Several others were likewise very quick to impress upon me that Catholic and Republican were not the same thing. When I expressed my surprise at having seen pictures of Che Guevara lumped in with those of Bobby Sands at a Republican pub, a lifelong Catholic Belfast resident answered: “Simplistic, isn’t it? Anyone who presents themselves as ‘freedom fighters’ will get these people’s praise.” He went on to tell me: “Yes, there was discrimination. Yes, things were difficult for many Catholics for a long time. But the Sinn Féin was always more concerned for their Marxist agenda than for Catholics and their families. I would sooner vote Unionist than any of these people. And my father was in the IRA, so that is saying a lot.”
Some Catholic students were less vehement but still decidedly unenthusiastic about Sinn Féin. “I’m not a nationalist,” a Catholic student friend of mine told me. “I just don’t see what we stand to gain at this point from a united Ireland. And seeing as how the South has become very secular in recent decades, I doubt it would even be a good thing at all.” This encapsulates the type of thinking among many younger people in Northern Ireland, both Protestant and Catholic: After a while, the “causes” that each side had been fighting for had lost their meaning, and dwelling on such things had become pointless or even counterproductive. In addition, the dramatic economic expansion of Ireland over the past fifteen years (dubbed the “Celtic Tiger”) and its accompanying prosperity have allowed young people in Northern Ireland to travel and acquire a broader perspective on the world, thus diminishing the appeal of sectarianism. Floods of immigrants from other parts of Europe, Asia, and Africa have also had the effect of moving Ireland away from the political and religious conflicts of previous years.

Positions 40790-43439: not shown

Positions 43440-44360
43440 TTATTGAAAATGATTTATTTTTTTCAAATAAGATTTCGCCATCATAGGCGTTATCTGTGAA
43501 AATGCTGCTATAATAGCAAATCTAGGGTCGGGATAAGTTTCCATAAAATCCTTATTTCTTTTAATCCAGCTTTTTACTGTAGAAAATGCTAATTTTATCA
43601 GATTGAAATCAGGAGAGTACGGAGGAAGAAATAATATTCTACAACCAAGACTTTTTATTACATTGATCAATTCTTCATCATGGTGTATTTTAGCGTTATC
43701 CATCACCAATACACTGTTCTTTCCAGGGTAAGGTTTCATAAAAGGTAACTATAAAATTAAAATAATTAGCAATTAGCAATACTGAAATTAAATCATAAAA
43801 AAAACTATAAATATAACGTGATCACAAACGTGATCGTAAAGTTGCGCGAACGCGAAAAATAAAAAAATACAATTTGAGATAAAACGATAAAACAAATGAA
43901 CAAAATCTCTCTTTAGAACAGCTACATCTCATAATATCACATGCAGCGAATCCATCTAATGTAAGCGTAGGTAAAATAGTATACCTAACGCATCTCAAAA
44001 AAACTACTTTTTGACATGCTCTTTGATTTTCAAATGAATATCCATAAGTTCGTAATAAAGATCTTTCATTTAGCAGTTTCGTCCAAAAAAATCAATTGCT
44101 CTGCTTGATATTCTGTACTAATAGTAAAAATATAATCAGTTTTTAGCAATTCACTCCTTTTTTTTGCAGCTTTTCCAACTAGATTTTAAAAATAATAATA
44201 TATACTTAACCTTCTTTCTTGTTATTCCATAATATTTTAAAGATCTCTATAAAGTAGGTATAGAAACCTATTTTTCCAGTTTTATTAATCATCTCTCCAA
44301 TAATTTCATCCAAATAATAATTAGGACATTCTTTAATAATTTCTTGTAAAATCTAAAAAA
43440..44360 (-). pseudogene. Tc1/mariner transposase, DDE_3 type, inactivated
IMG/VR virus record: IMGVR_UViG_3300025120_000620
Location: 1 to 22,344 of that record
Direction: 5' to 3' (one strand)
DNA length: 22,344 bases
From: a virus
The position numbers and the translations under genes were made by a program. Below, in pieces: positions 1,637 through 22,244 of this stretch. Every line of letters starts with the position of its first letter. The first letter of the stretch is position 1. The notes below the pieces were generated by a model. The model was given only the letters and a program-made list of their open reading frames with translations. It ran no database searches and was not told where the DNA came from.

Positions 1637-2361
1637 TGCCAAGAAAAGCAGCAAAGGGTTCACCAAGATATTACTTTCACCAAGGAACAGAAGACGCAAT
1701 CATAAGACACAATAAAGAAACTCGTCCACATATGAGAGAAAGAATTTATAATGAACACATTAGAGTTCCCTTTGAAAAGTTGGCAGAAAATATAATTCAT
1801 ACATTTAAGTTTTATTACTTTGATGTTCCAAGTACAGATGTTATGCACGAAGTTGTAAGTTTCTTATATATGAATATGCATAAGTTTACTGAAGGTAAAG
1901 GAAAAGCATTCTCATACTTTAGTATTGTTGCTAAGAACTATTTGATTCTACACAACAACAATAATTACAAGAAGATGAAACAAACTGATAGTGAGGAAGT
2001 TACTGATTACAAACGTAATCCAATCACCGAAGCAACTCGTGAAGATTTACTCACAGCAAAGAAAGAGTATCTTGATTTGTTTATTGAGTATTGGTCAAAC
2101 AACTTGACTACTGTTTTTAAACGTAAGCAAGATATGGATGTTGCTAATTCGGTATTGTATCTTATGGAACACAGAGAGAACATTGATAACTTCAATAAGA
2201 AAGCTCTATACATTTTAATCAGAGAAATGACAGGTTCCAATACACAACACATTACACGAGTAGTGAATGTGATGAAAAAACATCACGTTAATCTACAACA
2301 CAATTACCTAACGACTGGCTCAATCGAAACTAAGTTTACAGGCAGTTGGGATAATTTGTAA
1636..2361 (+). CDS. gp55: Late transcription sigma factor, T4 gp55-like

Despite lingering tensions in some quarters, Belfast on the whole is a much different city than it was even as recently as the signing of the Good Friday Agreement ten years ago, as anyone there will be quick to point out. One can now safely walk through neighborhoods that until recently had been battlefields for paramilitary and terrorist groups. Gone are the days when you couldn’t even go into shopping malls without having to pass through security checkpoints with fully armed soldiers. In many previously dangerous areas, the barbed wire is being torn down and new houses are being built. Driving between the North of Ireland and the Republic of Ireland is about as eventful as crossing state lines in the United States.
That said, the Church in Ireland still has some formidable challenges, many of which it shares with the rest of the Western world—stemming the tide of secularization, indifferentism, and materialism; resisting recent efforts to legalize abortion in Ireland, and so forth. But for now it looks as though Northern Ireland is finally starting to put these sectarian divisions where they belong: in the past.
Sandra Czelusniak is an M.A. student at Queen’s University Belfast and a 2007 Publius Fellow with the Claremont Institute.